Classic corner: One of Ireland’s earliest, one-owner Valtras still busy in Westmeath
Any tractor – Valtra or otherwise – that finds itself in a contractor’s fleet can usually expect a hard life. They are not bought for decoration and are required to earn their keep.
Any that fall short of the demands placed upon them are soon weeded out and sold on. What, then, to make of an example that is not only 23 years old but still working on a daily basis and, according to its owner, “has never had a spanner laid on the engine since new”?
Such a machine is apparently the Valtra Valmet 6400 belonging to James Geoghegan of Tyrellspass, Co. Westmeath, who bought this model back in 1995.
He did not set out to buy a Valtra (or a Valmet) at the time. He had his mind on a Fiat 100-90 DT, but was persuaded to try the Valtra for a week by Gerard Clarke of Clarkes Farm Machinery. He was so impressed that all thoughts of the Italian machine evaporated and the Finnish-built tractor stayed.
At the time, any tractor around 95hp was considered to be reasonably big in the area; its Scandinavian origin was also considered a novelty. Yet it was a pioneering move; James can now count 35 Valtras in use locally within a few miles of his home farm.
The Valtra Valmet 6400 belongs to the company’s ‘Mezzo’ range; its lineage can be traced right back to a joint venture between Volvo BM and Valmet. An exercise known as the Nordic Tractor Project was initiated in 1979, when the two companies decided to create a brand new tractor between them.
That is how it was sold to the public anyway, but behind the scenes Volvo BM had decided to get out of tractor production altogether and concentrate on construction equipment instead.
The plan was to keep its factory at Eskilstuna busy making tractor parts, while it gradually phased production over to earth-moving machinery.
The new tractor that resulted was a joint design. It took little more than two years to get to market – a remarkable achievement. Yet; no corners were cut and these machines became the foundation upon which the modern Valtra tractor company was built.
The guiding principles for the design, at that time, not only included usual features such as “low cost” and “high reliability” but also high ground clearance, 4WD as standard and “robust fixing points for permanently-installed implements”.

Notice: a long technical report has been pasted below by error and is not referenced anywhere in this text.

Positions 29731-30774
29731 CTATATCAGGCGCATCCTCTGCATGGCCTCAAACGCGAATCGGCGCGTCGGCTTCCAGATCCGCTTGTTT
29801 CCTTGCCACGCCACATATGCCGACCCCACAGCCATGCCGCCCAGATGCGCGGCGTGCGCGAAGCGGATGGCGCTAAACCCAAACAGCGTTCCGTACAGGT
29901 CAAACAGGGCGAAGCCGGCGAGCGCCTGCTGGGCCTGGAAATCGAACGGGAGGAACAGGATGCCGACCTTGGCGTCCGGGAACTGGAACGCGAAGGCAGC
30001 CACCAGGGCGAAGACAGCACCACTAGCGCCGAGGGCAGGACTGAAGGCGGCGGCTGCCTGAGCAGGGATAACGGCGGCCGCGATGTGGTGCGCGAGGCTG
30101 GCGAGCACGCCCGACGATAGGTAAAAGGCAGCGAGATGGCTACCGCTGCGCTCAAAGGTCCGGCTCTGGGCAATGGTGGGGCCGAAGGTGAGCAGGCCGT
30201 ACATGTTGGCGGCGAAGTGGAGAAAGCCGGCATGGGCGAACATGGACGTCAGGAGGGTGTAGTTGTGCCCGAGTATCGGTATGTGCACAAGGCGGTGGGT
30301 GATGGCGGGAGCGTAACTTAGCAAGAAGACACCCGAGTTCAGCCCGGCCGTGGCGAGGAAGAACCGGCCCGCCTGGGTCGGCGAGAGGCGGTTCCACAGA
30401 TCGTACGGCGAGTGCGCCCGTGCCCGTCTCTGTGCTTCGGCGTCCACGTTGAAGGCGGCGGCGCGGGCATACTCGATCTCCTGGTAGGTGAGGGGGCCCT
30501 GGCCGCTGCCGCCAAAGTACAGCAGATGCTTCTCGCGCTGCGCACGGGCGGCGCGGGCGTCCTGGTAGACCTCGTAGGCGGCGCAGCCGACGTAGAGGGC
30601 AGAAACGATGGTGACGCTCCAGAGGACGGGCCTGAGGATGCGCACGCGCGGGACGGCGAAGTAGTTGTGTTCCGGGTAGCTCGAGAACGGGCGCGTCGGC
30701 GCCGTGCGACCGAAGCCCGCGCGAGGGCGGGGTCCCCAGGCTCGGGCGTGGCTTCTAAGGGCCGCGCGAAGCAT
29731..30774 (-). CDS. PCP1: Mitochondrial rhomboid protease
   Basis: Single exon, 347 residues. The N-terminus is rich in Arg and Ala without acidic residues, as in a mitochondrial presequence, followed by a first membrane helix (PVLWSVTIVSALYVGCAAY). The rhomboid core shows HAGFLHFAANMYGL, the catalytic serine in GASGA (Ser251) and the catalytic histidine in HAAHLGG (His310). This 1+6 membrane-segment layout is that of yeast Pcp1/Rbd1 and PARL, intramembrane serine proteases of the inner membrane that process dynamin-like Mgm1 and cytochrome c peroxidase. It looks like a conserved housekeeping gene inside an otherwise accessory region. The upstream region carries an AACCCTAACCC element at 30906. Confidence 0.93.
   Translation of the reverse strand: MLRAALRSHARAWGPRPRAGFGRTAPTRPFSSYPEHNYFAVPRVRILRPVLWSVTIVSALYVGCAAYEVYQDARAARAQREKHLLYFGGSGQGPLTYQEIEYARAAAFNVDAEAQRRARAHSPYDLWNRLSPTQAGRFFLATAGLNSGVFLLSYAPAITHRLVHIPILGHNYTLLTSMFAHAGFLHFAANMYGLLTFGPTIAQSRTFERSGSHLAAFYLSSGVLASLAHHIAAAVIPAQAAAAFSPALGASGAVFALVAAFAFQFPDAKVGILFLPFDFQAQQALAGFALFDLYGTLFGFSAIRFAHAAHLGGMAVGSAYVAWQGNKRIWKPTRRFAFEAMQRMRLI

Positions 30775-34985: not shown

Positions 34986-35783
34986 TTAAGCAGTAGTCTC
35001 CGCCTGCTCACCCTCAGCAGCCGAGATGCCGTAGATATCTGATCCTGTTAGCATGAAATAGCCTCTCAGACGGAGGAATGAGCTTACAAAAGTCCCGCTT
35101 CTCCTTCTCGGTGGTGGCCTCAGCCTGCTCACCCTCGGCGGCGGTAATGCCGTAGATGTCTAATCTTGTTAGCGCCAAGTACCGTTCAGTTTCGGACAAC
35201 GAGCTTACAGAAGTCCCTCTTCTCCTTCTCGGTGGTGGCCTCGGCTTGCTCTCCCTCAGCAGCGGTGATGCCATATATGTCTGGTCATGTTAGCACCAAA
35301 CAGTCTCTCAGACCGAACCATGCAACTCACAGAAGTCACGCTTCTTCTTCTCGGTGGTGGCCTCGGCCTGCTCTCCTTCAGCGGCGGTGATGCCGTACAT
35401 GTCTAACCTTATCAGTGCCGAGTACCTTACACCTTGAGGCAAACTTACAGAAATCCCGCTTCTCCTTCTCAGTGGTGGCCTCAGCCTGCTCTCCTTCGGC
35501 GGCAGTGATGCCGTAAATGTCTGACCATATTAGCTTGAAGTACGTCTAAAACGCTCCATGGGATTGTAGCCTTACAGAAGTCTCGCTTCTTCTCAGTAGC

The largest of the first wave of ‘Nordic Tractor Project’ models was the Volvo BM Valmet 805. It produced 95hp from its four-cylinder, turbo-charged engine (and was actually available in 2WD as well as 4WD).
By this time, Volvo had bowed out of the scene altogether and the slightly less clumsy ‘Valtra Valmet’ had been adopted as the brand moniker.
Even this name was only a temporary arrangement. It was obliged to drop the ‘Valmet’ component by 2001 – due to the state-owned Valmet company privatising itself during the 1990s (a move which included the sale of the tractor division).
The Mezzo tractors were largely the result of a cancelled collaboration between Valmet and Steyr. Steyr had to withdraw from the agreement on its banker’s orders, leaving Valmet to finish the development of the engine, cab and transmission.
The designers retained all the novel features built into the original ‘Nordic Tractor’. The fuel tank was still situated between the engine and gearbox (with the prop-shaft running through it to the front wheels).
The weight distribution remained a useful 60% front / 40% rear split, thanks to the engine being mounted directly above the front axle. The engine was a new ’20’ series unit that had been jointly developed with Steyr; it featured wet liners with mid-cylinder supports to reduce vibration.
The Valtra Valmet 6400 pictured here (owned by James) belongs to the second generation of the Mezzo range. In 1994, several changes were made – including a new turbo-charger (which brought torque up to 390Nm – from 365Nm).
The following year saw the first appearance of the new Sisu-Valmet ‘shoreline’ logo which, apparently, was a desperate measure by a group of public relations consultants who couldn’t come up with anything more original as a badge!
One other great innovation of the time was the ‘Hi-Trol‘ clutch. This ‘fluid flywheel‘ had first been fitted to the company’s logging machines back in 1971 – to help protect the standard (dry) clutch and engine from slipping and shock loads.
Interestingly, Fendt had a broadly similar arrangement with its ‘Turbomatik’ tractors; yet Valmet would claim that its was the more advanced system.
James is a great fan of the Hi-Trol set-up.
He holds it firmly responsible for him winning several tractor pulling contests (many moons ago), when the ‘classes’ were categorised by power rather than weight.
Despite the hard labour of contracting work, the tractor has apparently been remarkably trouble-free. The only major repair was needed when a small leak caused the transmission oil level to run low. New clutch and brake packs had to be fitted as a result, but “there has not been the slightest spot of bother since”.
She has worn out three slurry agitators.
He still uses the tractor for this job, as well as raking during the silage season.
It certainly looks a little like a tractor that has had to earn its keep over the years. The side panels and wheels received a respray last year but, otherwise, it’s very much an original machine.
There are no immediate plans for a full restoration; it’s kept too busy for such a lay-off. Nor are there any plans for selling it; James is far too attached to the old girl for that to happen anytime soon.
Below is a video showing some of James’ other Valtra tractors in action – during last year’s silage campaign in Co. Westmeath.